- North Carolina – The North Carolina Department of Health and Human Services announced additional flexibilities to expand its efforts to ensure Medicaid and NC Health Choice services can be quickly delivered to those impacted by Hurricane Florence. These new flexibilities will help people in Medicaid receive care without disruption and give health care providers leeway to deliver services with fewer limits. NC Medicaid temporary provisions for those affected by Hurricane Florence address certain eligibility, enrollment, benefits and cost-sharing policies.
- North Dakota – Insurance Commissioner Jon Godfread announced that he had presented findings from a study of the options available and potential impact of attempting to stabilize the individual health insurance market in North Dakota to the interim Health Care Reform Review Committee. The study identified two options for North Dakota: the creation of an invisible reinsurance pool and of a state-based plan to be sold by insurance companies.
- South Carolina — The South Carolina Department of Health and Human Services (SCDHHS) reiterated it is committed to ensuring reimbursement for services rendered by qualified providers, in good faith, during the Hurricane Florence emergency response period. SCDHHS has implemented several emergency response provisions and flexibilities to ensure continued access to care for Healthy Connections Medicaid beneficiaries.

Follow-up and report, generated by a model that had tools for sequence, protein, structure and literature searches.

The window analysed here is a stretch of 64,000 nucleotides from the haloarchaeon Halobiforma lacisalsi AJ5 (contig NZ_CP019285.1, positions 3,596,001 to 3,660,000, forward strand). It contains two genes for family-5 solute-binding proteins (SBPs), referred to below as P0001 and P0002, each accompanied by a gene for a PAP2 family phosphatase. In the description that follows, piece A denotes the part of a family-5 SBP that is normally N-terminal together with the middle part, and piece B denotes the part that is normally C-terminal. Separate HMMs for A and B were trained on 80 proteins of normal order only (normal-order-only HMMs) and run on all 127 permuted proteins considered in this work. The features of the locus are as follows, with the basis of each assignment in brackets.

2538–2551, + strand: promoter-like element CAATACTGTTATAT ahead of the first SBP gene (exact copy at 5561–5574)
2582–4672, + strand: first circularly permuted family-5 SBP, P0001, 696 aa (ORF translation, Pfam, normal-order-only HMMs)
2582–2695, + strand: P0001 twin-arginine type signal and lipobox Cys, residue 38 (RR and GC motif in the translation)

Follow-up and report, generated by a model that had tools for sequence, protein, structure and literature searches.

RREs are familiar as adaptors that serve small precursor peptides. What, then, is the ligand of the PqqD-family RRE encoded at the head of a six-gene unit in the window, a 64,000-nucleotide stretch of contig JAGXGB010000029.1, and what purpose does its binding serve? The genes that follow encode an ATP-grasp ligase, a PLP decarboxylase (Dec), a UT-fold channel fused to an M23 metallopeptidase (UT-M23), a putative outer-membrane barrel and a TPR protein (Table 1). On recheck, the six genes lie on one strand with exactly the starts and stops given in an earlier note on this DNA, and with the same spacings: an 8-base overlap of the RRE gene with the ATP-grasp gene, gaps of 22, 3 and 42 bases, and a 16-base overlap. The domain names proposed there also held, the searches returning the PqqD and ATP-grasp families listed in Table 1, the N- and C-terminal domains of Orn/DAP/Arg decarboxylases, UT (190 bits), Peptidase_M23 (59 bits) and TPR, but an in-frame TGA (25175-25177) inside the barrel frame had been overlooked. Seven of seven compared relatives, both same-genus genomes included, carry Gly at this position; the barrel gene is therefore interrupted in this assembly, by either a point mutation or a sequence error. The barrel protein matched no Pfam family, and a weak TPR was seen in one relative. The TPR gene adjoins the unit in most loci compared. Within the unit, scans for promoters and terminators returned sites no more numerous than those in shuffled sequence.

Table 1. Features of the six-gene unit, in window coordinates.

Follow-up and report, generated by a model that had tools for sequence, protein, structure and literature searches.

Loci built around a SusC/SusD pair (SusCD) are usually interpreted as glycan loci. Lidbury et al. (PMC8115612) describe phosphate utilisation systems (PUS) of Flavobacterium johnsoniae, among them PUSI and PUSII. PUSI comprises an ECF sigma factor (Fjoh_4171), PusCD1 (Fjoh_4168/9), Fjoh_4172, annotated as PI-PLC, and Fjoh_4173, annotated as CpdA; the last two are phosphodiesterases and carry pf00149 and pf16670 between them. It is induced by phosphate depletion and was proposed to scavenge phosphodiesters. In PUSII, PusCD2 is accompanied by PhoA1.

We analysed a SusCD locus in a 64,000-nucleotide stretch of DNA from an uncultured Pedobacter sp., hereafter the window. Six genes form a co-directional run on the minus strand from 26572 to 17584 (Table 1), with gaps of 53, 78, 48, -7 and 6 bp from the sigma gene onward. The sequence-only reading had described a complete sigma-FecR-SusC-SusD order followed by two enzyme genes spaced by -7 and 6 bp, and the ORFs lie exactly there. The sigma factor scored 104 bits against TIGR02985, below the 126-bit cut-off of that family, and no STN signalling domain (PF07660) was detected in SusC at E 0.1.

Measure Selection, Alignment and Performance Benchmarking: A New Resource for States
Friday, October 12, 2018 2:00 to 3:00 p.m. ET
SHVS will host a webinar, facilitated by experts at Bailit Health, on a new suite of publicly available resources that support states in their measure selection, alignment and performance benchmarking efforts. The Buying Value Benchmark Repository builds upon the Buying Value Measure Selection Tool and is a downloadable database of non-HEDIS and modified HEDIS measures that states and regional health improvement collaboratives are using for reporting, payment or other purposes. During the webinar, technical experts from Bailit Health will provide an overview of the repository and discuss how states can both utilize the tool and contribute measures to it.
Registration (required) at the following link: https://rwjfevents.webex.com/rwjfevents/onstage/g.php?MTID=e88921dbb4cddc1afac6685a65b0b4e0f
New Data Source Provides Insight into Life Expectancy Gaps